Luke Newman - 2014 Program Participant
Why did you decide to apply for an international program?
I have been concentrating on fundraising for charities in the UK over the last few years. I have seen footage on the television of deprived people living in awful living conditions for a number of years and I have always wanted to help, but I didn’t know how to. Although many people don’t have the same philosophy as me, I feel we are very lucky living in the UK.
Me and the children of St.Trizah's School in Nakuru, Kenya
Why did you choose African Adventures?
My brother and father had visited Nakuru, Kenya, in previous years through trips organised by Derby County Community Trust with African Adventures and they suggested that I join in 2014. After doing some research on African Adventures, I could see what they had achieved and wanted they wanted to achieve in the future. I had no doubt whatsoever that they were the right organisation to travel to Kenya with.
What was your favorite part about Nakuru?
Nakuru is a stunning city, with breathtaking scenery and impressive areas of interest, such as the Menengai Crater, Great Rift Valley, and Thompsons Fall.
What made your experience unique?
African Adventures provides consistent, long-term support to various communities in Africa. They don’t stop after one visit. I think that it is very important to give continual assistance, helping to build on the progress made by other volunteers and the African people; it helps give children the chance of a better future through more accessible education.
Just recently, seven students from St Trizah School in Kenya, the school that I have worked with, qualified for National Secondary Schools, the highest ranking schools in the country. This is an amazing achievement, helped by the support from African Adventures and their volunteers. African Adventures’ focus is on the volunteer aspect of their trips, and I think this separates them from many other expedition providers.
Me and the children of Nakuru, Kenya
How did local staff support you throughout your program?
Kenyans are fantastic people and the people of Nakuru are very friendly and warm. They know that we, as a group, are there to help them, to play, teach, renovate, and build. African Adventures does not send staff to work at their partner projects in Africa. All the projects that they are partnered with have been set up by and are run by local people, and this is very important to African Adventures; they do not want to dictate their needs, they simply want to support them to develop. The local staff at the projects are extremely welcoming and have become friends. They knew that we had no hidden agendas and we just wanted to help. We come as one into this world.
What's one thing you wish you would have done differently?
I would like to learn more about the culture of the Kenyans and learn more Swahili. I would also like to try to understand the Kenyan people more in general in their day-to-day life and how their religion helps them.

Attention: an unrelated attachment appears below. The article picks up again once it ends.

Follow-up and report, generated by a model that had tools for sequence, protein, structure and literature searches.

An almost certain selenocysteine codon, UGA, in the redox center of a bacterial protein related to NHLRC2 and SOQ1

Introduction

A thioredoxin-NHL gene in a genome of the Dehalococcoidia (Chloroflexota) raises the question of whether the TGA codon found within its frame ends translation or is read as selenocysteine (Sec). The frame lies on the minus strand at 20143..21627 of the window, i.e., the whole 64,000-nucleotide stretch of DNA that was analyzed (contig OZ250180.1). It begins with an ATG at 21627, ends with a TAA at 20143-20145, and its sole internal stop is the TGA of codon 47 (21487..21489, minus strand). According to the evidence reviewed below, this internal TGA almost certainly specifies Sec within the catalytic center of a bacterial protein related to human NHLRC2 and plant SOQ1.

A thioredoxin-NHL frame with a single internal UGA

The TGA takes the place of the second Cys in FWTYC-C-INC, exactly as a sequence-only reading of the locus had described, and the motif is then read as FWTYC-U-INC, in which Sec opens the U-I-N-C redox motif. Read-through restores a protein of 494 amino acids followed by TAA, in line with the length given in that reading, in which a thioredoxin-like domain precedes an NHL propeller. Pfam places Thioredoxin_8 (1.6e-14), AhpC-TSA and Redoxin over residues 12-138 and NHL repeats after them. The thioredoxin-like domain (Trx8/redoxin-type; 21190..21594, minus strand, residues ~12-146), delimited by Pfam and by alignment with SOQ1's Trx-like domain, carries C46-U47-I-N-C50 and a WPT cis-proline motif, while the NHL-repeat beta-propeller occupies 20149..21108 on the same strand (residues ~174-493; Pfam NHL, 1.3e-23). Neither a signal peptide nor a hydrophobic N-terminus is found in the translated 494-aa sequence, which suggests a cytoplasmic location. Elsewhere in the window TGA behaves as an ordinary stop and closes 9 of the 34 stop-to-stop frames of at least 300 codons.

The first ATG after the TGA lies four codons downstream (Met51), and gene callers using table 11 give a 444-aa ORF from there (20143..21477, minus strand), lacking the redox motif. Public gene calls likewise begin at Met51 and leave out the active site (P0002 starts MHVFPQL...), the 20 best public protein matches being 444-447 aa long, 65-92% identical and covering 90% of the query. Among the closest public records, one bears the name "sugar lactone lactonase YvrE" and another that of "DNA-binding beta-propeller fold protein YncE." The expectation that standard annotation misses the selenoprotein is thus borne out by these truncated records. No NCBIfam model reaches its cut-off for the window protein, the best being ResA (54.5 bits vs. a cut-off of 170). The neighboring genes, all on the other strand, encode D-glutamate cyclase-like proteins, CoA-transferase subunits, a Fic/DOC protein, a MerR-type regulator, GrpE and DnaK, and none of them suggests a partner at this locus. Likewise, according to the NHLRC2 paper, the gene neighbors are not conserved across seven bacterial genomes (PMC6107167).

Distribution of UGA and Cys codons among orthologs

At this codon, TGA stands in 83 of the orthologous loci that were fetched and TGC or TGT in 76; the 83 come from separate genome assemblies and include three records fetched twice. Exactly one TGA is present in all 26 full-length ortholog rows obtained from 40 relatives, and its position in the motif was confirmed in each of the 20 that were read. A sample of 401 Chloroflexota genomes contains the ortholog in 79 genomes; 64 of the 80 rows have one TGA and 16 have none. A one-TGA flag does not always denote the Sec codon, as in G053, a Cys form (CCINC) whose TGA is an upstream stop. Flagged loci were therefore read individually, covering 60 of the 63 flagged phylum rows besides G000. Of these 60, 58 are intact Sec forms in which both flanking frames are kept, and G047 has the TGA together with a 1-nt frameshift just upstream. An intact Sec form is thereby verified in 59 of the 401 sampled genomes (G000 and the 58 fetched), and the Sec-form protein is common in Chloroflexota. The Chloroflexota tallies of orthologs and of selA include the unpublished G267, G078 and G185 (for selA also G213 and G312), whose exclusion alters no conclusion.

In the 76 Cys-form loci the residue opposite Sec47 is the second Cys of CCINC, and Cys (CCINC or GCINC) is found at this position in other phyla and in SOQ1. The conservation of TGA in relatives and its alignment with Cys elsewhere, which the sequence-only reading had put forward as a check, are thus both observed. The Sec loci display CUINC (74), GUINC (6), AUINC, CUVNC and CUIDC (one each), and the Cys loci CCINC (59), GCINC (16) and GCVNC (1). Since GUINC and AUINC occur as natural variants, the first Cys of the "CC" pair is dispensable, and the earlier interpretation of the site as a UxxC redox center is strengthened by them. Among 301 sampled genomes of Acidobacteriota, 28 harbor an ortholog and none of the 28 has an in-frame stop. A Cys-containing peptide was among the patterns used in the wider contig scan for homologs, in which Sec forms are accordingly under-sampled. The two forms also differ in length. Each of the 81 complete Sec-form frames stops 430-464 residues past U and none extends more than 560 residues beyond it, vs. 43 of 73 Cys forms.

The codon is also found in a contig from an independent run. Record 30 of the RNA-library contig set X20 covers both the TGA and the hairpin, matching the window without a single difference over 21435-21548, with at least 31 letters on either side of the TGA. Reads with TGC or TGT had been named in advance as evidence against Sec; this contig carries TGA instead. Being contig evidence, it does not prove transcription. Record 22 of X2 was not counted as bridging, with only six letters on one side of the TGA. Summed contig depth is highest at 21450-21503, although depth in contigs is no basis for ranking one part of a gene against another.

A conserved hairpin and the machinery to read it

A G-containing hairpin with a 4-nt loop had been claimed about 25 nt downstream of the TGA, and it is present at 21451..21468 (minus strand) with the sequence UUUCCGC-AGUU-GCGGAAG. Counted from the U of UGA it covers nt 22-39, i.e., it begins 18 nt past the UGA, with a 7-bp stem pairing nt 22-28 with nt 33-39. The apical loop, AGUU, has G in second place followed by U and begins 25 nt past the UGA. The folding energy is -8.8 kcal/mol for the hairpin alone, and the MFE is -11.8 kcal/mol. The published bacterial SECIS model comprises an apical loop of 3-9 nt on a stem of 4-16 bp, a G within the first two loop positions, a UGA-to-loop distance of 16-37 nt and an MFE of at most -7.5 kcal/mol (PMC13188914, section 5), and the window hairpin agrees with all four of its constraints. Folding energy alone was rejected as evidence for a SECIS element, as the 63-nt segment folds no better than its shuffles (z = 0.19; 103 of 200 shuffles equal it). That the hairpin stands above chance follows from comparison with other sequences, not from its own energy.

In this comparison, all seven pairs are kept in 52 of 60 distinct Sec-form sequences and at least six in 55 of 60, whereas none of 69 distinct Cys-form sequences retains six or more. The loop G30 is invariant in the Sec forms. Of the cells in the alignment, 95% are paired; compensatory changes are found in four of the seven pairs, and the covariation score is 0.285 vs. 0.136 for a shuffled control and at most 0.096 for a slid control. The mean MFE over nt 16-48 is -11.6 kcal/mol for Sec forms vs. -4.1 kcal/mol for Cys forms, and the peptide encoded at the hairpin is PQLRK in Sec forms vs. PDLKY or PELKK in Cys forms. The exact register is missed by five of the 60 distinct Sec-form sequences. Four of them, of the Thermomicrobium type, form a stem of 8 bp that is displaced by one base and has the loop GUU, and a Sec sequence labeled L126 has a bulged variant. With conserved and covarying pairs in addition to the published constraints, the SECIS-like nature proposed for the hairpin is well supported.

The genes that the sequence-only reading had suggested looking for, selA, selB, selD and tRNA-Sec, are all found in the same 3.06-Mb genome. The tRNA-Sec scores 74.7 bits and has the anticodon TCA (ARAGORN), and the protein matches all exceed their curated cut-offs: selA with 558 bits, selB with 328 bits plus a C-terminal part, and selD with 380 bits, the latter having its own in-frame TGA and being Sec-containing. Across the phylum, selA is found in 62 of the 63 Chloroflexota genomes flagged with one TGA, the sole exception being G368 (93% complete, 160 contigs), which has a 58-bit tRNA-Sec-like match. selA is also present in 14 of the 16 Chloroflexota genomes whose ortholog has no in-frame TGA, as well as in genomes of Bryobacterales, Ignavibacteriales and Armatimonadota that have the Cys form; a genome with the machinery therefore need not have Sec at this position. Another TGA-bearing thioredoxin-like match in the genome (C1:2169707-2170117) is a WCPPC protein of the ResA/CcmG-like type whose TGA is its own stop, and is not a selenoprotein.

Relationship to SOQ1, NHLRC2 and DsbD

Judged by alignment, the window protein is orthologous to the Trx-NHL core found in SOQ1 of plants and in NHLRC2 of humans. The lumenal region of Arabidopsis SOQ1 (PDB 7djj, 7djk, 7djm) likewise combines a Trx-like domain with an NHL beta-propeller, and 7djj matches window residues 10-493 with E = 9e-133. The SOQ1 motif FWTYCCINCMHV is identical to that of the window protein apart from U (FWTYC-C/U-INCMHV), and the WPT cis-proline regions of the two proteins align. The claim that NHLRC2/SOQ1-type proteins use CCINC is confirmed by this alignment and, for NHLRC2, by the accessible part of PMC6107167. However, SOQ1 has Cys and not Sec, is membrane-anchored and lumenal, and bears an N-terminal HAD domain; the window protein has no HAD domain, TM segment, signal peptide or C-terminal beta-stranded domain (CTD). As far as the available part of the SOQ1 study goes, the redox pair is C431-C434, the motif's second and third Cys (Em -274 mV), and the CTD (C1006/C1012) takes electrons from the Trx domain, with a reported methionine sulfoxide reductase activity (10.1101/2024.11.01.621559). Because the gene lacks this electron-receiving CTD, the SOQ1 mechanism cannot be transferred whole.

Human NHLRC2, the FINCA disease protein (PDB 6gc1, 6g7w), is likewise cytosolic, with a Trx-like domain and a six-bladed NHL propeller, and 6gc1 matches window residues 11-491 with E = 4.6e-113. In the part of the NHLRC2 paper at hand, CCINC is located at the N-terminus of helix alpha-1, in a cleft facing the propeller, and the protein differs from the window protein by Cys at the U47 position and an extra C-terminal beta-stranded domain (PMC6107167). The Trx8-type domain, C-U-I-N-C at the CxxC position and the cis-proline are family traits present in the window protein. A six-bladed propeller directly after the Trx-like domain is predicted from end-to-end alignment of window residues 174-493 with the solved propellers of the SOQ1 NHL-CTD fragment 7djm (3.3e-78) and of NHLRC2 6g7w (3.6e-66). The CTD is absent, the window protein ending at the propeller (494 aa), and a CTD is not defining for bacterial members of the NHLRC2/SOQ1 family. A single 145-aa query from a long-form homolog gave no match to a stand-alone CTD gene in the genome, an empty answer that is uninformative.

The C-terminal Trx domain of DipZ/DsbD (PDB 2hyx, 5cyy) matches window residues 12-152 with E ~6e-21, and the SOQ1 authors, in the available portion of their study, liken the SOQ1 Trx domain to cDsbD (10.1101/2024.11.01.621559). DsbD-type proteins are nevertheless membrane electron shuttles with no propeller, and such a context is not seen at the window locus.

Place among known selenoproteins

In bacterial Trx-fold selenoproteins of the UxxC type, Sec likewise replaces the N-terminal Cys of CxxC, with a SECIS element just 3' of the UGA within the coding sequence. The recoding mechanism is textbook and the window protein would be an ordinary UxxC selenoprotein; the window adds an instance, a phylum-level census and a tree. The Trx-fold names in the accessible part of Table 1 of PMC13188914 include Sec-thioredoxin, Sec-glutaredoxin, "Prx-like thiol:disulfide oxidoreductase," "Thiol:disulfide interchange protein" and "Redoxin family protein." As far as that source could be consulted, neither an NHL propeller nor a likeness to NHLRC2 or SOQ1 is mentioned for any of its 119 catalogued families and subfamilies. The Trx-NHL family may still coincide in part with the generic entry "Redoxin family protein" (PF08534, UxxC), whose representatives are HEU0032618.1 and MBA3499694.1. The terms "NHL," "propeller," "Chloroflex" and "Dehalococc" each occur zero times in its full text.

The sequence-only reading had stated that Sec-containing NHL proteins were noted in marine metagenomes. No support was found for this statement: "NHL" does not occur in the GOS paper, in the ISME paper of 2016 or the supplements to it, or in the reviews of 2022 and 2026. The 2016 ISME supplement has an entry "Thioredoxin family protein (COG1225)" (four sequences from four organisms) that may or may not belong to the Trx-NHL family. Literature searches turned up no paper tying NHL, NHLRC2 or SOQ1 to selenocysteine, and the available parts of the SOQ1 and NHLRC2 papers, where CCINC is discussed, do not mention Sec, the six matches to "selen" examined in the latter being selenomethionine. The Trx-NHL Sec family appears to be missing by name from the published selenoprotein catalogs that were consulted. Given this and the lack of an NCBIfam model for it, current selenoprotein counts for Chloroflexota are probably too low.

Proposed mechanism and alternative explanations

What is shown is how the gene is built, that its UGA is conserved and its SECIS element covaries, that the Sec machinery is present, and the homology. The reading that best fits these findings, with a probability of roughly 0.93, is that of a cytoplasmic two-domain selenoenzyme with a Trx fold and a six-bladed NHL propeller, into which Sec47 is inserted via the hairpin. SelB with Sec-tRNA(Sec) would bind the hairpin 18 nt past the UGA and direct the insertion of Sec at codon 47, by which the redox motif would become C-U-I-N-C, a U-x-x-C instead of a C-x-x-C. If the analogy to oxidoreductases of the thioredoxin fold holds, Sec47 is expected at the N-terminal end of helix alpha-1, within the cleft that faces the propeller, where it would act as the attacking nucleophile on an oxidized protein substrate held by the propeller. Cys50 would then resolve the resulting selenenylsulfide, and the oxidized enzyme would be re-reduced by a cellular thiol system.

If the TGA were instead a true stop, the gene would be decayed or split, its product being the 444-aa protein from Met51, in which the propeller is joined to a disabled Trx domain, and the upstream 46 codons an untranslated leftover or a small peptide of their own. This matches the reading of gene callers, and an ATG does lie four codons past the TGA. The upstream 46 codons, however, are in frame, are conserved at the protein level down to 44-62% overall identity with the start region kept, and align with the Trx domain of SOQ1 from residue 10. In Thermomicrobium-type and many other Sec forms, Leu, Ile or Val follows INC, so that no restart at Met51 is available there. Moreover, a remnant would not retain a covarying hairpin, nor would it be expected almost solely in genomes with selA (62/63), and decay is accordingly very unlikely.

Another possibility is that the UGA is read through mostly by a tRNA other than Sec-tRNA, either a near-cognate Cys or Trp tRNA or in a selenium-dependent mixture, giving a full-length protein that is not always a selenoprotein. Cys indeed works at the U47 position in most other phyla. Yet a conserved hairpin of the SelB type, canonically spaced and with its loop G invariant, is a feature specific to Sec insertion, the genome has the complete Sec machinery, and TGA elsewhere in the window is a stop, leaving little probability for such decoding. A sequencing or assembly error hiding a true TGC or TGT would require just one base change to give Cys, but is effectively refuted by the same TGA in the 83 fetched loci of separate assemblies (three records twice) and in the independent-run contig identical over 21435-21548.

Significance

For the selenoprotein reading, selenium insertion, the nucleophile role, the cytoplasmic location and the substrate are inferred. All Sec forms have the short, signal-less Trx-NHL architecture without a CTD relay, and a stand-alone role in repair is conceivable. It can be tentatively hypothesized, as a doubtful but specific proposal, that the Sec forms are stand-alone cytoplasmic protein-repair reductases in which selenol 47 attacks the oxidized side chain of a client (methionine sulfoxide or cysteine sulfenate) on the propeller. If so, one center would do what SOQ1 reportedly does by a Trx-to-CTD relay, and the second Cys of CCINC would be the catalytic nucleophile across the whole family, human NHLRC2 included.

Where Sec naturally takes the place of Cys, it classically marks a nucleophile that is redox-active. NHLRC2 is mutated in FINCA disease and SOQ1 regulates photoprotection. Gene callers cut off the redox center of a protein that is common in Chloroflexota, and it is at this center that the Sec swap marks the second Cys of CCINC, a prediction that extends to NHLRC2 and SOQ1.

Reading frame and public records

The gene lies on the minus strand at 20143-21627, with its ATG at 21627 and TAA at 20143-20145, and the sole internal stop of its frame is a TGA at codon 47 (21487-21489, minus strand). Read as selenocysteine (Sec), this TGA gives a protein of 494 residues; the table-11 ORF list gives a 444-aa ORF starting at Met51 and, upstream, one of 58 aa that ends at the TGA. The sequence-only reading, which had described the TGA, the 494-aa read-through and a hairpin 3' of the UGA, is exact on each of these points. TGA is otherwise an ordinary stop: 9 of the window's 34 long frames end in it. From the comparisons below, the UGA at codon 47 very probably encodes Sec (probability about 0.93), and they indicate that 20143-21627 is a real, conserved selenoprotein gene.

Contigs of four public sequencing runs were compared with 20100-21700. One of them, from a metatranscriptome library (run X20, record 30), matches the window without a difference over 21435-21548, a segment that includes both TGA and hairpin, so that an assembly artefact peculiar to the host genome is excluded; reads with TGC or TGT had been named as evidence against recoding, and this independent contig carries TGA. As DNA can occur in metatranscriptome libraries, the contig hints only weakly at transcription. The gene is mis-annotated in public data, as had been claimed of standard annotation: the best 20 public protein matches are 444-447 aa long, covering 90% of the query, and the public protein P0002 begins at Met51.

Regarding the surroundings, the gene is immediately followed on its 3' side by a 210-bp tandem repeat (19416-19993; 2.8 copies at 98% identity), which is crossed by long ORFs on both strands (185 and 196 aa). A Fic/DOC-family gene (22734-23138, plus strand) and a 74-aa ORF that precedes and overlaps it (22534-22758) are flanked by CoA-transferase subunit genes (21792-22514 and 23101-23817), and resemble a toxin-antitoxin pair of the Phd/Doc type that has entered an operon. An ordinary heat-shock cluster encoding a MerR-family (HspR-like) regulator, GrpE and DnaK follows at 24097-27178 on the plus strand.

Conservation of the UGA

Describe a day in the life of your program.
After an early breakfast, a typical day involved us driving through the city to the location of St Trizah’s new school site, where we were constructing the building from scratch. During the short trip we would wave and greet the local people, looking at the beautiful scenery as we went. A day on site consisted of us constructing new classrooms using the different techniques, tools, and methods that the Kenyan workman are used to.
Lunch was delivered to the site and we would enjoy some down-time after working hard all morning. Mid-way through the afternoon, we would leave the site after a hard day’s work and normally stop back at the current school site to see the children, spend some quality time with them, and listen to their life stories and their hopes for the future. In the evening, we would have dinner and spend a lot of time discussing the day and learning from each other’s experiences.
What was one of your favorite things about the program?
I loved the interaction with the children I met in Nakuru, even when not at the projects. The children in Kenya have so little and yet they are grateful for what they do have. On my last visit I took 250 small teddy bears with me to give to the children, and seeing their faces when they caught a teddy was priceless and made me so humble; they were so happy.
Me with the children at St. Trizah School
What type of accommodation did you have? What did you like best about it?
Our accommodation had four walls, a bed, a clean toilet, and a hot shower, which was a lot more than I was expecting. It was a warm and comfortable room with electricity and malaria nets, and had everything that was required for our day-to-day living and needs. The local food was nice and fulfilling, and the social area for the evening was a fantastic size for the group to all come together to talk and learn from each other; this was a very important part of the experience for me.
Now that you're home, how has your time abroad impacted your life?
I have completely changed as a person. I am more understanding and patient, but also very grateful for what life has given me. I have been through personal heartbreaks, but they seem like nothing compared to what the people I have met in Nakuru go through on a daily basis. I believe it is possible to educate everyone, everywhere, and I am committed to that. African Adventures have given me this belief and I am extremely appreciative for this and the opportunities that they continue to offer me.